4. Just Wondering
    Lets just say that you disagreed with a guy, lets call him Everest Truth, and this guy is constantly taking cheap smart ass (and just plain dumb) shots at people like The Beatles, Bob Dylan etc. And then on a social media site that allows for comments under statements such as these, you suggest that he maybe “Weigh his achievements against theirs and shut up”. If you were then told to “Fuck off, rude cunt” and deleted from that social media network?

    • (a) I would never do any of those things. (b) I had a nice chat with Everest Truth today at work. (c) I wouldn’t ask anyone to weigh their achievements against someone they didn’t like or respect. It seems kind of pointless to me. (d) Also, ET is a writer known for agitating people. (e) And you just agitated him enough to ban you from his Facebook profile. Which might be a technical win for you, if that’s what you were aiming for. Or were you hoping to convince ET of the quality of The Beatles and Bob Dylan’s music by making him feel bad about himself? (f) ET probably likes Bob Dylan and The Beatles. It’s just more fun to and annoying to other people to say otherwise. (g) So I suppose my answer is: I wouldn’t do anything. I might chuckle. Maybe.

      Good question though. You should consult me more often. I was thinking about you the other day when I read this thing about how controversy is actually the cheapest, most efficient type of promotion. I thought: ‘My friend Ben could probably be relied upon to say something controversial right before the next album comes out, I should tell him to do this.’ The only downside as far as I can see is that people hate you a bit after. So I’m still tweaking this obviously.

      • Is being “a writer known for agitating people” in anyway useful? Is he an occasional critic? I guess my biggest problem is that his shots at these artists are so cheap and overused its not even agitating anymore, it’s simply moronic.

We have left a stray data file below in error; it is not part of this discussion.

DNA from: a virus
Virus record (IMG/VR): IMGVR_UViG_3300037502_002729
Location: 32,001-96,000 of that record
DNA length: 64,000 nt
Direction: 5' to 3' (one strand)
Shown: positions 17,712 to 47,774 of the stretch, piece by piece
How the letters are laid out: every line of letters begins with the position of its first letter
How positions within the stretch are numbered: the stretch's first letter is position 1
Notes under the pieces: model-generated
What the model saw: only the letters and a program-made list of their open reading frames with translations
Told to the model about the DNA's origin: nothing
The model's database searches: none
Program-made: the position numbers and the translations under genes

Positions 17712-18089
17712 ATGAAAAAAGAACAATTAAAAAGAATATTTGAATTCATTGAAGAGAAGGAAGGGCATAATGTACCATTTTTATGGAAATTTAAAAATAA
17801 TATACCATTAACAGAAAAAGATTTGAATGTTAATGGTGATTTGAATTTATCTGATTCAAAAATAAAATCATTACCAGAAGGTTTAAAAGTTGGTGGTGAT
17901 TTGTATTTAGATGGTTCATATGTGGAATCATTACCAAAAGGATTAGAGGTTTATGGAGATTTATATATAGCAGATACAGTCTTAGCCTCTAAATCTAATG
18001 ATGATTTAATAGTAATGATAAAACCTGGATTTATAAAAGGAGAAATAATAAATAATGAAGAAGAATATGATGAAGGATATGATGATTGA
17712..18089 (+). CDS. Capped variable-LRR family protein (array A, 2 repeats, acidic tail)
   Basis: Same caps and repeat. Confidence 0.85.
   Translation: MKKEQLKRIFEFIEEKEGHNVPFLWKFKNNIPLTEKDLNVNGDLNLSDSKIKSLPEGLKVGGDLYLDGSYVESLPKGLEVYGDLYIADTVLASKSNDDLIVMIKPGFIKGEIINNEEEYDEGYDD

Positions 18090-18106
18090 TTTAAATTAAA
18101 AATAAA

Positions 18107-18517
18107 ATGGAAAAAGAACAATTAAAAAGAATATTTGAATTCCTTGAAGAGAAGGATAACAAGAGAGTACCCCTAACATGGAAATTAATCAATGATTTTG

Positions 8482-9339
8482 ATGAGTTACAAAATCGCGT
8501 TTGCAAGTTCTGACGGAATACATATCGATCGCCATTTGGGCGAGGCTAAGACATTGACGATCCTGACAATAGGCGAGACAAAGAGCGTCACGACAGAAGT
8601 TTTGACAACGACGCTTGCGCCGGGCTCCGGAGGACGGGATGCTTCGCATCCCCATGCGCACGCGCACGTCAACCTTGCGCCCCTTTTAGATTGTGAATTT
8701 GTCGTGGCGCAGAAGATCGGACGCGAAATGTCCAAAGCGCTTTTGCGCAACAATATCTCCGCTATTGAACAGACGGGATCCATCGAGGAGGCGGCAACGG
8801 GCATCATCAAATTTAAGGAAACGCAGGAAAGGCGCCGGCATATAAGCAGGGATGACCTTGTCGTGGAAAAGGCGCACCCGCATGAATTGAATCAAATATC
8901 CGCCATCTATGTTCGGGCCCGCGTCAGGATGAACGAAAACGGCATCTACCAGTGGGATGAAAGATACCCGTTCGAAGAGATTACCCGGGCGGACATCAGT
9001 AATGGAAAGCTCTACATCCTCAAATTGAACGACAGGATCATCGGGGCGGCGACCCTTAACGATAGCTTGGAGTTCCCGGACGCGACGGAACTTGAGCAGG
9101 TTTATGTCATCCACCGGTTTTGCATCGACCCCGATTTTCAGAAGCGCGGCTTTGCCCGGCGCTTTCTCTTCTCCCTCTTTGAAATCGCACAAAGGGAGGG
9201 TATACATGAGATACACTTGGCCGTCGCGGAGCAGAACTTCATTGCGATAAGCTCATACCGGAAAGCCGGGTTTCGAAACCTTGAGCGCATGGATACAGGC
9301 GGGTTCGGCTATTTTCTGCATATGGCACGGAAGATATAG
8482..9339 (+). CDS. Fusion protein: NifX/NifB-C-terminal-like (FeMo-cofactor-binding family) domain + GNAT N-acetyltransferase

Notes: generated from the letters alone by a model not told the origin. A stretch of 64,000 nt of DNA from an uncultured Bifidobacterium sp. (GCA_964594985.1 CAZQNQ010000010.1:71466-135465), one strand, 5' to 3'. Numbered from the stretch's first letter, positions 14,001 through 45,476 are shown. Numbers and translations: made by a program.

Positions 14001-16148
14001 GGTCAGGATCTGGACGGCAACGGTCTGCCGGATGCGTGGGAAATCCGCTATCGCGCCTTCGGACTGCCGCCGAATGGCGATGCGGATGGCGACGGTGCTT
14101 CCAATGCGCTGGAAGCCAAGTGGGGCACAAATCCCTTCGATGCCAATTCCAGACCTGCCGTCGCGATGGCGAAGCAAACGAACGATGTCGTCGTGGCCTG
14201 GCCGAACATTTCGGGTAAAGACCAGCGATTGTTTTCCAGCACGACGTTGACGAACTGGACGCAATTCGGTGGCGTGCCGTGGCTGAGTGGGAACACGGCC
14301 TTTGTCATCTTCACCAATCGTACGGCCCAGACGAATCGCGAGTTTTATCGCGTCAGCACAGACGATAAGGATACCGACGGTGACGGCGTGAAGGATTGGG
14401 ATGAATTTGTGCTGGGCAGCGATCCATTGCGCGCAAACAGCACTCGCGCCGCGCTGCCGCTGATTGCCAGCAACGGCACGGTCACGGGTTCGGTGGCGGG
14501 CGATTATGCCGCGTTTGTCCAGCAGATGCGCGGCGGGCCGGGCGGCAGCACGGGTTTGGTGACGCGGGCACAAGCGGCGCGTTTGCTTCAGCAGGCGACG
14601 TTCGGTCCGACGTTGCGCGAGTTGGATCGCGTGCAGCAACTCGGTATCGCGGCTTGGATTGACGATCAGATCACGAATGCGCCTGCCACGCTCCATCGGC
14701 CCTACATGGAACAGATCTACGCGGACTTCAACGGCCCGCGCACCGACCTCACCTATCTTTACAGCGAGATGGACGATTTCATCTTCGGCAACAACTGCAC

I should consult you way more often. I’m not good at dealing with assholes in print, you know this. I know I’m a constant source of you “smacking your forehead”. However in this case we both took a shot – so were both dumb right? Well obv he’s dumber but…
        This guy is 99% of the time on the same rung as a 16 year old Internet bully.

      • Also I’m trying to find the line between “writer who is known to agitate people” and (as I was described) “someone else who shouldn’t be on the Internet. Rude Cunt”

        Obv Everest Truth knows the difference? Does he come here. Can he perhaps explain what makes him a critic and me a “rude cunt”?

  5. I don’t think ET does come here. Although, you’ll probably summon him by talking about him on the internet. And I wouldn’t describe you as a ‘constant source’ of forehead smacking. You also use the internet really well with other things (i.e. releasing records, talking to audience, etc). You taught me how to understand Last.FM, after all.

    Also: I’m probably spoiling a future post by admitting this but there are no rules at all. Even my advice is cheap, in a way. With enough panache you could do the exact opposite of everything I write about here and still succeed. These are the challenges of writing about music, and part of why I do it. I’m here to have conversations like this essentially.

  6. Haha. Things just got REAL. Ben, I figure sometimes there is no point arguing. Thats about the time that I start judging. You know, when someone goes ‘azielia banks is a no-good foul mouthed slut’ I don’t try to argue the many different reasons why they are wrong. I just think to myself ‘boy, this dude is a real jerk, better remember not to wear my pants the same way he does, it will surely be a style that is already played out’

    One time though someone wrote about my band (or made reference to us – I can’t remember) in a review in a not very favourable way and I thought it didn’t bother me at all. Then one day he died and I realised I would never be able to convince them otherwise irl. Worse, I could never call them out on it. That would just be in bad taste. There is no moral to this particular story ( except, maybe, sometimes, when you think something is dragging you down, maybe all you have to do let go )

    • it IS terrible when reviewers die before you can take them out.

      The Kim Gordon quote is wonderful, and truly is at the heart of all of this.

      As a young lad I recall a girl saying on the night we met “Why do people sing and play music when they suck at it? Don’t they know?”. At that point I just laughed in faux agreement and silently vowed to never play any bedside songs to her. I was young and filled with the opposite of what Kim Gordon pays for. At that stage, any criticism had real teeth, and my skin was thin.

      It’s thickens over time though, doesn’t it? it should. It’s called fucking growing up! I would never address the source of a bad review. That’s probably because I feel my vanity shows itself enough without me parading it around in written form. Hopefully I’m getting close to the day where I don’t care at all what anyone says or writes about my band.

      Of course that would be tested if anyone wrote anything! (See point #3 above)

      Ben, regarding you and Everett… Please find a way to keep that battle going. While I don’t directly partake in net combat, I do find it highly enjoyable to watch.